A paper published this month in the journal BMJ Reports described an unusual case study that took place at a wedding in Israel. Doctors stated in the paper that a 60-year-old woman “ate a large amount of wasabi, assuming it to be an avocado.” She immediately felt a chest pain which she chose to tough out, but the unfortunate incident ended up sending her to the emergency room.
“After she ate the wasabi, she felt a sudden pressure in her chest radiating to her arms, which lasted a few hours. She decided not to leave the wedding and the pain started to subside,” doctors wrote. She visited a local emergency room the next day as she still felt unwell. She could have had a heart attack, but luckily it wasn’t anything immediately life threatening. After a bunch of tests, doctors diagnosed her with takotsubo cardiomyopathy – a strange medical condition also known as “broken heart syndrome”.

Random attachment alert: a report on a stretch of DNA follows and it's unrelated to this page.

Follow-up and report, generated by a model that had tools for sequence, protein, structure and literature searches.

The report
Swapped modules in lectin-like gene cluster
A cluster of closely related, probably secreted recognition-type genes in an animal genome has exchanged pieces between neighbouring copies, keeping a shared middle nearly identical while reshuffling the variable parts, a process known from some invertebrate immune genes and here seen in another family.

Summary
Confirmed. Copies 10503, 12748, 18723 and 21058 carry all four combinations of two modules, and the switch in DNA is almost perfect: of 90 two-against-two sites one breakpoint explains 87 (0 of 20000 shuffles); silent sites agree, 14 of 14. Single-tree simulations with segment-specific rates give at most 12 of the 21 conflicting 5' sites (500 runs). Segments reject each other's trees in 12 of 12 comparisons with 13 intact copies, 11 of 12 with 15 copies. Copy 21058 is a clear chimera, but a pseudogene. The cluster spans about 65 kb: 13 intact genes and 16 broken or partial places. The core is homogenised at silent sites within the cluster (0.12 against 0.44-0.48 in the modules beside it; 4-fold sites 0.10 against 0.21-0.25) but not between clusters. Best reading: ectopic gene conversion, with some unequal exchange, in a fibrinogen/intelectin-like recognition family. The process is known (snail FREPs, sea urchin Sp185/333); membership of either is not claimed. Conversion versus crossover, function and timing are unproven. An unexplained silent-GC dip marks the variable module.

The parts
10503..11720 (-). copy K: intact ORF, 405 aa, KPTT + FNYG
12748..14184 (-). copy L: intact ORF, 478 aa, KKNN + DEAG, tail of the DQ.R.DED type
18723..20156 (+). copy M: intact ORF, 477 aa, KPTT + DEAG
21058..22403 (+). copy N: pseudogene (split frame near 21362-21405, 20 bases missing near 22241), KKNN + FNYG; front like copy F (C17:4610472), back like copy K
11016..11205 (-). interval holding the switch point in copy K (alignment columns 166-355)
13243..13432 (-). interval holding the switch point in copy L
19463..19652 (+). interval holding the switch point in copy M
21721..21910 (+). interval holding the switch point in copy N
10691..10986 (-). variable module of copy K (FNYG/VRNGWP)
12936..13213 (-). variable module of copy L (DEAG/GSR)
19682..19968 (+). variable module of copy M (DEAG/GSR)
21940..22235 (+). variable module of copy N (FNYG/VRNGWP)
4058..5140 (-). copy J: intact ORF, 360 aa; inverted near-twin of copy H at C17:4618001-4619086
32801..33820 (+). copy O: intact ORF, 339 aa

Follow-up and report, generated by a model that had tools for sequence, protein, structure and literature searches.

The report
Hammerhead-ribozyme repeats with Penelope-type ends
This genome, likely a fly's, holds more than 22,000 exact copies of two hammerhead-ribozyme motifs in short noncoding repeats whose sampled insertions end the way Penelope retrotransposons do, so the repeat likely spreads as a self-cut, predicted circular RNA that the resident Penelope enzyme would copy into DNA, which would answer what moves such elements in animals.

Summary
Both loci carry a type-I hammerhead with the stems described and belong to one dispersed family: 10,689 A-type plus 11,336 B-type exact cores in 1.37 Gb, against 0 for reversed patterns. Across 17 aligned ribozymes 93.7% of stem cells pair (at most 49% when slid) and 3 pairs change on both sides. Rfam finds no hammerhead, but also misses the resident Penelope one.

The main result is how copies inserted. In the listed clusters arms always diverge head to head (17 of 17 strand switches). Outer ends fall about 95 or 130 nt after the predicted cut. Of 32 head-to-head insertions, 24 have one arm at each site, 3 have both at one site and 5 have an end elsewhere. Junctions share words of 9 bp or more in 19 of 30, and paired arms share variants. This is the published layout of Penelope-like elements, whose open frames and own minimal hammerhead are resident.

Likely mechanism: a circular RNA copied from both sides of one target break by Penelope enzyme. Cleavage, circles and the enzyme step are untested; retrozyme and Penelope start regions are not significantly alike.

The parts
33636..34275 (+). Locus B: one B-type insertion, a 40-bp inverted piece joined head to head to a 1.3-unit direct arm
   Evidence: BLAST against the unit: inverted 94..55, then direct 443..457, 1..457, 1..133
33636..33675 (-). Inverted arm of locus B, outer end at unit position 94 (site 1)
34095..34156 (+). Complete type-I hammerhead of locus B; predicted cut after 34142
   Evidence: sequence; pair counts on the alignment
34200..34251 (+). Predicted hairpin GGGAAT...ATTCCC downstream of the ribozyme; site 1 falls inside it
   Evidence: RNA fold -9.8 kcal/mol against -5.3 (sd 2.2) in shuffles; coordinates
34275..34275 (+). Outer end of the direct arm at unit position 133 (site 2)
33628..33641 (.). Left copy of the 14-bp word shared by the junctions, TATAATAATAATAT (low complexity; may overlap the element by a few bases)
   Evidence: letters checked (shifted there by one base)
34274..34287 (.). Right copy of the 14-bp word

According to the medical report, “takotsubo cardiomyopathy is a left ventricular dysfunction that typically occurs after sudden intense emotional or physical stress and mimics myocardial infarction.” The doctors also wrote, “To the best of our knowledge, this is the first report of takotsubo cardiomyopathy triggered by wasabi consumption.”
The condition means a sudden weakening of the heart’s left ventricle that causes it to balloon out, resulting in a shape that resembles an octopus trap – hence the name, as that’s what the Japanese call a takotsubo. It is also called “broken heart syndrome” because it could, in some cases, be triggered by the sort of emotional turmoil one might feel from the loss of a loved one. In this one-of-a-kind case, it was triggered by the patient’s poor judgement and inability to tell wasabi from avocado, leading to the first documented case of wasabi-caused broken heart.
Fortunately, the condition usually is not fatal. Most people recover with no special treatment; and in this woman’s case, she was fine within a month’s time. In some rarer cases, people can die from a broken heart or be more likely to develop heart problems in the future.